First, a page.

Dirty dining: hidden cameras roll as waiter drops food on the floor and serves it; would you say anything?

ABC News set out to find what bystanders would do if they witnessed a waiter drop food on the floor and serve it to unsuspecting patrons. We set up hidden cameras at Holsten’s Confectionary in Bloomfield, N.J. — a popular, well-regarded restaurant that would, of course, never tolerate such behavior from its own staff — and hired actors to play a clumsy waiter and a hungry couple, out with a hankering for grilled cheese sandwiches. We found people were quick to warn our couple when they saw the disservice. But would anyone alert our couple if they became obnoxious and impolite?

What They Said:
"He picked up the pickles and everything and pit it back on the plate…just dropped it on the floor and brought it over." ?
— a shocked Holsten’s customer after witnessing our actor server’s spill
"I should have called him on it, but I didn’t."?
— a sympathetic customer who was a former waitress
"Why don’t you get our food. You’re incompetent…I don’t care if you’re sorry, I just want our food."?
— our "What Would You Do?" offensive couple
"He deserved to eat the food that fell on the floor."
— a customer that kept quiet about the tainted food
"Let him eat the dirty food. He was being a dirty man."
— Holsten’s patron reacting to our rude actors

Who goes to a restaurant for a grilled cheese sandwich?

5-second rule should be 0-second rule

A couple of my Canadian kids were visiting last week during their university spring break. They’re both in biology, so the fruit don’t fall far from the … nevermind.

We were at Target – always a popular outing because Target stores are only now becoming established in Canada – and got some M&M’s for Sorenne. She dropped one on the floor and then picked it up and ate it.

I shrugged.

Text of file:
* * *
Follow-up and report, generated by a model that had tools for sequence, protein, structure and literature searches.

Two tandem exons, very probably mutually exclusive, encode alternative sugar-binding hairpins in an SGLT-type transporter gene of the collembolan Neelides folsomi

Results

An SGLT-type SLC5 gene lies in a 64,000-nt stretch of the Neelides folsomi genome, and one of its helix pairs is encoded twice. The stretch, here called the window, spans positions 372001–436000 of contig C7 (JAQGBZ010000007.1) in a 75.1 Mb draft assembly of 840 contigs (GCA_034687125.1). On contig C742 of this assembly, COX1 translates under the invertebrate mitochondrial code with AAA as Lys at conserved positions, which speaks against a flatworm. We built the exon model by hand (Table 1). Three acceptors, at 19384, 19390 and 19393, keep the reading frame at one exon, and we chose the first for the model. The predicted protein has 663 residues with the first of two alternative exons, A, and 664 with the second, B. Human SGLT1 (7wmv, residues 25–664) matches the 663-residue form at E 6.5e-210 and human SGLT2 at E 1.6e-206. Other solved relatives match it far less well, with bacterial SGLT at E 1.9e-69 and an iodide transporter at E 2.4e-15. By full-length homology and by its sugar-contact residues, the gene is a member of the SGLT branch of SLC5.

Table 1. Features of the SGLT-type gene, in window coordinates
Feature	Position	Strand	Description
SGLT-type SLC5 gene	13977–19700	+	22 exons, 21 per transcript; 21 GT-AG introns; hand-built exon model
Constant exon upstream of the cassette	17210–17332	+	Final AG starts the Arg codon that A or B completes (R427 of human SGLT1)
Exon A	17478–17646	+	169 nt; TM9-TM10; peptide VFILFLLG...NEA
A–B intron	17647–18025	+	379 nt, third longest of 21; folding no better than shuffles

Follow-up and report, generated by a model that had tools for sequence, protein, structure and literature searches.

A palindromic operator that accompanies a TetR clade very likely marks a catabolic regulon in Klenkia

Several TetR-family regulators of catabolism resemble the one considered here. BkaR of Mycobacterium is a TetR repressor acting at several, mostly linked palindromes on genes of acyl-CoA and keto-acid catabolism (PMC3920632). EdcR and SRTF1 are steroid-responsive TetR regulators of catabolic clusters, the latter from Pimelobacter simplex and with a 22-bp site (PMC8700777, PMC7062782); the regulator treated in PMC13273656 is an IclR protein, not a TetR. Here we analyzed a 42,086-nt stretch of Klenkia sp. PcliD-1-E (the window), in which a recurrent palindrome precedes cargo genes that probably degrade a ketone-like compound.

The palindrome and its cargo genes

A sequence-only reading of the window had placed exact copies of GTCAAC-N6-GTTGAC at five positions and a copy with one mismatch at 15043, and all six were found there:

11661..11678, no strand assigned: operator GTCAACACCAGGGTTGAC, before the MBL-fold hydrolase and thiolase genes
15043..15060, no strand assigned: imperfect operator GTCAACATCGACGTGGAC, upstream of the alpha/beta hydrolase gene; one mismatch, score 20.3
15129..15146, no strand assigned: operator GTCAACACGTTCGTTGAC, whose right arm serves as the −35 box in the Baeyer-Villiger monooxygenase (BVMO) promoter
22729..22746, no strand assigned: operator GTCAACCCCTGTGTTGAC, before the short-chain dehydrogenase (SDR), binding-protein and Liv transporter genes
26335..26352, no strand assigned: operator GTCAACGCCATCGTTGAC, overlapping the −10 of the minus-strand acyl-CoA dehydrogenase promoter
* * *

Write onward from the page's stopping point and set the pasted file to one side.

This was terrible food safety behavior on my part but I can’t babysit all the time.

And from my perspective, the risk was low.

The N.Y. Times quotes Dr. Roy M. Gulick, chief of the division of infectious diseases at Weill Cornell Medical College, as saying,

“The five-second rule probably should become the zero-second rule. Eating dropped food poses a risk for ingestion of bacteria and subsequent gastrointestinal disease, and the time the food sits on the floor does not change the risk.”

In general, if there are bacteria on the floor, they will cling to the food nearly immediately on contact, Dr. Gulick said. Factors that influence the risk and the rate of bacterial transfer include the type of floor; the type of food; the type of bacteria; and how long the bacteria have been on the floor.

In a study published in 2006 in The Journal of Applied Microbiology, Clemson University researchers tested salmonella placed on wood, tile or carpet, and dropped bologna on the surfaces for 5, 30 or 60 seconds. With both wood and tile, more than 99 percent of the bacteria were transferred nearly immediately, and there was no difference by the time of contact. Carpet transferred a smaller number of bacteria, again with no difference by contact time. The amount transferred decreased over hours, but there were still thousands of the bacteria per square centimeter on the surfaces after 24 hours, and hundreds survived on the surfaces for as long as four weeks. As few as 10 salmonella bacteria can cause gastroenteritis.